Chair Keny-Guyer, Vice Chair Olson, Vice Chair Sanchez, and members of the Committee:
My name is Juan Carlos Ordóñez, communications director for the Oregon Center for Public Policy, and I respectfully submit this testimony in support of House Bill 2006.
Oregon faces a severe housing crisis. Families are being evicted from their homes. The number of homeless school children is at a record level. Homeownership is out of reach for many families. This crisis is not limited to urban areas. Oregon rural counties are some of the least affordable among all rural counties nationally. Meanwhile, Oregon’s biggest housing subsidy — the mortgage interest deduction — is doing nothing to alleviate the problem.
The mortgage interest deduction is a housing subsidy. It lowers the cost of owning a home for those who can take advantage of it. The deduction allows those who claim it to reduce their taxable income by the amount of interest paid on their mortgage.
To qualify for the deduction, you have to be a homeowner with a mortgage. If you are a renter, you don’t even get in the door. Also, to take advantage of it, you have to itemize your deductions. If you claim the standard deduction, you’re out of luck. You don’t benefit from the deduction.
If you can take advantage of the mortgage interest deduction, then you can deduct interest payments on a mortgage worth up to a million dollars, including debt on a second home. Thus, taxpayers will subsidize your purchase of a vacation home.
There are three key points to understand about the mortgage interest deduction.
The first point is that the mortgage interest deduction is very costly. The most recent estimate is that it will cost the state about $1.1 billion dollars in foregone revenue in the upcoming budget period. That makes it far-and-away the biggest housing subsidy in the state. Nothing comes close.
The second point is that the mortgage interest deduction is inequitable. It puts at a disadvantage low- and moderate-income Oregonians, Oregonians of color, and rural Oregonians.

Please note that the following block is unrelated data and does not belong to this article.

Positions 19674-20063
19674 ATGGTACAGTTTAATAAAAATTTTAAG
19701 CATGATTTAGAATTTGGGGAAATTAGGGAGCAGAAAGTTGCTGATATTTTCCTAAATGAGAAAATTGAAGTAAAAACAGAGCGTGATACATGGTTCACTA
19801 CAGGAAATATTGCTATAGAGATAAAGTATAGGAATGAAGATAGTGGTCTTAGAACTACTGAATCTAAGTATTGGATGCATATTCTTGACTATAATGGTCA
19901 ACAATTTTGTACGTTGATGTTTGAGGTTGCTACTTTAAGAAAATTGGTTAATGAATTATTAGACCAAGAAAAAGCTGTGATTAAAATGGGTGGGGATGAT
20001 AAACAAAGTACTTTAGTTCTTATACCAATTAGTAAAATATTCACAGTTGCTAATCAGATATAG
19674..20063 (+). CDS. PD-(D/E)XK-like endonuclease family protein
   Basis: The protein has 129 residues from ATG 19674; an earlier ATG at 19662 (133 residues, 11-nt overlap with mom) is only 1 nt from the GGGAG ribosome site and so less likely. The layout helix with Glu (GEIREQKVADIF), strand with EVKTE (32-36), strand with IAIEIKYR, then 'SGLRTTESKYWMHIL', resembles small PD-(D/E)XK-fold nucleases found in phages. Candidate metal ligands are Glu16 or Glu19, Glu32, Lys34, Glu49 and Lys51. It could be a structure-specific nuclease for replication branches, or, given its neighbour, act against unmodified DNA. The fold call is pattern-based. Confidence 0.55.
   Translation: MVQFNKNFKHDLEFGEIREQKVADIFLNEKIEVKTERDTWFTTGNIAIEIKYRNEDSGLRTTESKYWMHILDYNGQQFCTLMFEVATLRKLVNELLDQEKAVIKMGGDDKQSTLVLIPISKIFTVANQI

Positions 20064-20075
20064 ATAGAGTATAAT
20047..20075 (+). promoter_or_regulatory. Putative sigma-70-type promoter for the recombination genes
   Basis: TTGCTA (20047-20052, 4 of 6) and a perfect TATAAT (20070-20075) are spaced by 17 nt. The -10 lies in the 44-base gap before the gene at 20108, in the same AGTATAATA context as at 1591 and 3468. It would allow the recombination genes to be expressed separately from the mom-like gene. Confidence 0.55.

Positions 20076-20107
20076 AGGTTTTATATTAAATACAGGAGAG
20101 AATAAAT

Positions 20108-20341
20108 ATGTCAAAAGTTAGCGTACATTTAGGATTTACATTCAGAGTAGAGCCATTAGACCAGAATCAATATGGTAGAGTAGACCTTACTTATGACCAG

The deduction mainly benefits homeowners higher up the income ladder. About 61 percent of mortgage interest deduction dollars go to the wealthiest fifth of taxpayers. There are structural reasons why this is the case:
- You have to be a homeowner to benefit, and homeowners tend to have higher incomes than renters.
- You have to itemize your deductions to claim it, and higher income taxpayers are more likely to itemize deductions. In fact, only one-third of all taxpayers claim the mortgage interest deduction.
- Higher income folks are more likely to own a more expensive home, and thus have a bigger mortgage.
- But even if a low-income person and a high-income person pay the same amount of mortgage interest, the deduction still gives a bigger benefit to the higher income person, because they are in a higher tax bracket.
The mortgage interest deduction also exacerbates racial and ethnic inequities. For one, people of color are much less likely to own a home, so they are less likely to potentially benefit from the deduction. Second, they have significantly lower incomes. So even if they own a home, they are less likely to claim the deduction. It’s safe to say, then, that Oregonians of color are far less likely to benefit from the mortgage interest deduction.
The deduction is also inequitable to rural Oregonians. Nearly nine out of 10 mortgage interest deduction dollars flow to urban areas. That is not just due to the fact that cities have a bigger population. Six urban counties in Oregon get a disproportionate share of mortgage interest deduction dollars, relative to their share of all taxpayers in the state, while all other counties — including all rural counties — get a disproportionately smaller share. There is already significant economic inequality between urban and rural Oregon, and the mortgage interest deduction only adds to it.
The third point is that the mortgage interest deduction is ineffective. The deduction is often justified on the claim that it promotes home ownership, but that makes no sense, given that the deduction mostly helps those who do not need help affording a home.
The data bears this out. Among the 10 states with an income tax that did not offer a mortgage interest deduction, eight had homeownership rates higher than the national rate in 2015. Oregon, despite its expensive subsidy program, ranked below the national average and below all but one of those 10 states in the share of residents owning a home.
In sum, the deduction is costly, inequitable, and ineffective.
A reform of the mortgage interest is long overdue. In the face of the housing crisis afflicting our state, it is urgent that the legislature transform the state’s biggest housing subsidy into a vehicle for addressing the crisis. Reforming the deduction in an equitable way, as HB 2006 proposes, would allow our state to make significant investments in promoting homeownership, increasing the supply of rental units, and preventing homelessness.